Audio, webcam, security
HP continues to partner with Danish audio brand Bang & Olufsen on its high-end laptop speakers, and the results are predictably decent. While the sound system doesn’t match the vocal warmth or rich bass tones of Lenovo’s C940 Yoga 14—still the gold standard among high-end Windows PCs—they do get almost as loud, and offer a brightness that you don’t usually find on laptops.
Meanwhile, HP continues not to partner with any notable camera brands on its webcam, which offers 720p imagery comparable to that of most other notebooks. HP does include a privacy shutter that covers the lens, but it’s operated through software via a function row key, so you can’t flip the shutter when the computer is off.
The fingerprint reader is also a bit of a letdown. Occupying a slot on the keyboard, it’s larger than the pinky-nail-sized readers on many other laptops, and I had issues getting it to work reliably. Even after re-registering my finger, unlocking the laptop usually took a few tries with slightly different finger positions.
The HP Envy 17t certainly looks like a beefy workhorse laptop, but benchmarks reveal the truth: Except in the graphics department, the Envy 17t performs similarly to smaller laptops that weigh half as much—not surprising given the Intel Core i7-1065G7 CPU inside. But its battery life is far worse.
HP’s software compounds the matter, with a function-row key bringing up a few “Thermal Profiles” that can tweak system temperatures by throttling the CPU up or down. Our benchmark graphs are based on the default “HP Recommended” profile, which strikes a balance between performance and temperature. Choosing the “Performance” setting led to higher scores in some tests, which I’ll note in the text.
Let’s start with PCMark 8, which measures performance while simulating a variety of office tasks. We don’t have a lot of 17-inch laptops to compare with, so we’ve mixed some 15-inch laptops into our charts, along with a 13-inch laptop with the same CPU.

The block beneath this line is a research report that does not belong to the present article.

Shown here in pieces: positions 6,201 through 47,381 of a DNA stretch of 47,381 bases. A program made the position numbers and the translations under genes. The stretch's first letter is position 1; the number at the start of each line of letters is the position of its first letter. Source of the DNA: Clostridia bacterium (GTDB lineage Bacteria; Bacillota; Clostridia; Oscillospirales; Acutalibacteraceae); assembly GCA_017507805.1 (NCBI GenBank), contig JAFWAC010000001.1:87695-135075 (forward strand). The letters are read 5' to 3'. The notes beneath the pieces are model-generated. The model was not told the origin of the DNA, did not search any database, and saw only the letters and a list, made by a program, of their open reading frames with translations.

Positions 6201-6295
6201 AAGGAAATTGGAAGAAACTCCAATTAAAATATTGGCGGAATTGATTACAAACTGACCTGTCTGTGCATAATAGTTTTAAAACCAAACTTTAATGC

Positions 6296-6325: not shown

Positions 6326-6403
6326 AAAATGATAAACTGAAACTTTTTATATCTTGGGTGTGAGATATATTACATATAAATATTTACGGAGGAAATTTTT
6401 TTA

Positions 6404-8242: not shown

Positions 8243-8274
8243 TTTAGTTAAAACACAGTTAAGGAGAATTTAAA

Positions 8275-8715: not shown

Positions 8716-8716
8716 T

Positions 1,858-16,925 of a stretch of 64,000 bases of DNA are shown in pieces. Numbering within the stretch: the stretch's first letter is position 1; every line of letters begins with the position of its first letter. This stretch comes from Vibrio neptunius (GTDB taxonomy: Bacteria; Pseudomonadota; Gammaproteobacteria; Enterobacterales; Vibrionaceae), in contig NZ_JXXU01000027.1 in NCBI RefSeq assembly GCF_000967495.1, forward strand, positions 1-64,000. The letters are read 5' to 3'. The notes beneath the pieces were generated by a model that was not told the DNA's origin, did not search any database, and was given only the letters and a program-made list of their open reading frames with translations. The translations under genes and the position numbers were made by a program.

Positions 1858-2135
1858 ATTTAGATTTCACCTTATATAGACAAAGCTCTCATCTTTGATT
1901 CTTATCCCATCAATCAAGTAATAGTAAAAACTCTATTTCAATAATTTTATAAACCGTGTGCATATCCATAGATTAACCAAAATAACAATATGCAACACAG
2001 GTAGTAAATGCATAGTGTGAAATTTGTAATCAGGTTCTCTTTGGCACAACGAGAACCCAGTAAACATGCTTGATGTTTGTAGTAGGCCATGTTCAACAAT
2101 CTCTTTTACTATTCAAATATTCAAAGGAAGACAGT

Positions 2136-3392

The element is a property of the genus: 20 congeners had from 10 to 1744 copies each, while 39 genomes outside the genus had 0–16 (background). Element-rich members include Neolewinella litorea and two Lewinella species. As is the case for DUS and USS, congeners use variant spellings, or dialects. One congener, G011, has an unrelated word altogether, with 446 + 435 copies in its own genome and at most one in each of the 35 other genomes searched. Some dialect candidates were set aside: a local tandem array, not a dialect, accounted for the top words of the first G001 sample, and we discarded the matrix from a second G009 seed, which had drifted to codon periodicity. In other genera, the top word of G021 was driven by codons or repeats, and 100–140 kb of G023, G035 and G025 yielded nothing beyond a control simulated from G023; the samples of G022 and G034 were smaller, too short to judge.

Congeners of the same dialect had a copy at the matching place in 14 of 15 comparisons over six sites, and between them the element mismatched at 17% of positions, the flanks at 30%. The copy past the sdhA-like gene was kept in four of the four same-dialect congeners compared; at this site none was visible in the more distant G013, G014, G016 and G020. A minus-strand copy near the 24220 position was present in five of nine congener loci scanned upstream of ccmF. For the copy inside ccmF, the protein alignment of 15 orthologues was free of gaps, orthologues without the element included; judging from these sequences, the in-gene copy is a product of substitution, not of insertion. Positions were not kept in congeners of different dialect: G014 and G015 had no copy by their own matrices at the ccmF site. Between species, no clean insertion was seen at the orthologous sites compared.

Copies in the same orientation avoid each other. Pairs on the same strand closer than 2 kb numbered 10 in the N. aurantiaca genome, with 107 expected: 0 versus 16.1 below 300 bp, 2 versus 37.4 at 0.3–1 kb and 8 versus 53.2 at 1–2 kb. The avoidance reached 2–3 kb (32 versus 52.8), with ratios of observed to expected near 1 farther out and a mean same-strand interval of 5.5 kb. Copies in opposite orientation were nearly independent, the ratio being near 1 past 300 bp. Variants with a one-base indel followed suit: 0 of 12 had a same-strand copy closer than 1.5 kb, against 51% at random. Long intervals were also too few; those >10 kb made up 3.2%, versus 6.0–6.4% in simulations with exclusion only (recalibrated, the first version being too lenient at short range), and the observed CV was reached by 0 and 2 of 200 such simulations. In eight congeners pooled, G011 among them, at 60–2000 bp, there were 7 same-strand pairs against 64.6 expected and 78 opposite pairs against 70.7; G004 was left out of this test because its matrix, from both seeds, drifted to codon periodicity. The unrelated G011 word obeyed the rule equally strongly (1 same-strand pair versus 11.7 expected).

Any PCMark score over 2,000 is acceptable. The Envy 17t’s score of 3132 is good, though on the lower end of its cohort. It even falls behind last year’s version of the LG Gram 17, which weighs only three pounds. (We have not reviewed the latest Gram with a 10th-generation Intel processor.)
Similar results emerged in Cinebench, which tests the CPU with a quick burst of heavy performance demands. The Envy 17t’s single-threaded score of 188 is solid, but its multi-threaded score of 579 is well behind a wide range of other laptops. Switching on HP’s “Performance” mode bumped the score to 684, which is still on the lower end.
Switching between HP’s thermal profiles yielded the most dramatic results in our HandBrake benchmark, which tests a heavy workload over time by encoding a large video profile. Out of the box, the Envy 17t finished the job in a dismal 71 minutes, matching the kind of heavily-throttled performance you’d see in a much smaller laptop such as the Envy 13. Turning on HP’s “Performance” mode resulted in a much higher score of 3,146 seconds, or 52 minutes, but it’s still no comparison against a laptop with Intel’s 10th-generation H-Series CPUs, such as the Dell XPS 15 in our chart.
Graphics performance is a bright spot: The Envy 17t’s MX330 GPU’s Sky Diver score of 10,401 squarely beats laptops with integrated graphics. While ostensibly not a gaming laptop, it can squeeze out 60 frames per second at 1080p with medium graphics settings in some 3D games, including Fortnite and Deep Rock Galactic.
The real letdown here is battery life. The HP Envy 17t’s 55Whr battery is tiny for a laptop of this size, and it’s no match for a 17-inch display at 4K resolution. While looping a video file offline at roughly 255 nits’ brightness, the Envy 17t lasted only 7 hours and 11 minutes. HPs own Spectre x360 15t from 2019 lasted 45 percent longer in the same test, probably in part because its battery capacity is 36 percent larger.
All of this puts the HP Envy 17t in an unusual position. At $1,590 as reviewed, it is more affordable than Dell’s XPS 17, which costs $2,000 with comparable display resolution, memory, and storage. It undercuts Apple’s MacBook Pro by about $800.
But those are also more powerful machines with H-Series Intel processors, supporting the kinds of heavy workloads you might want to accomplish on such a large screen. If you don’t need all that computing muscle, the HP Envy 17t might have some appeal, but only if you’re unwilling to bend on the notion of a 4K, 17-inch screen.
With a bit more flexibility, the options open up. LG’s Gram 17 is an intriguing alternative with similar performance and much better battery life at half the weight. It has a lower-resolution 2560×1600 panel, but chances are you won’t notice the difference. Smaller laptops like HP’s Spectre x350 15t are worth considering as well, especially if you can connect a 4K monitor.
With the Envy 17t, you’re sacrificing a lot of portability just for the sake of that screen. While 17-inch laptops are making a comeback, an extremely heavy laptop without heavy-duty performance to match is a niche within a niche.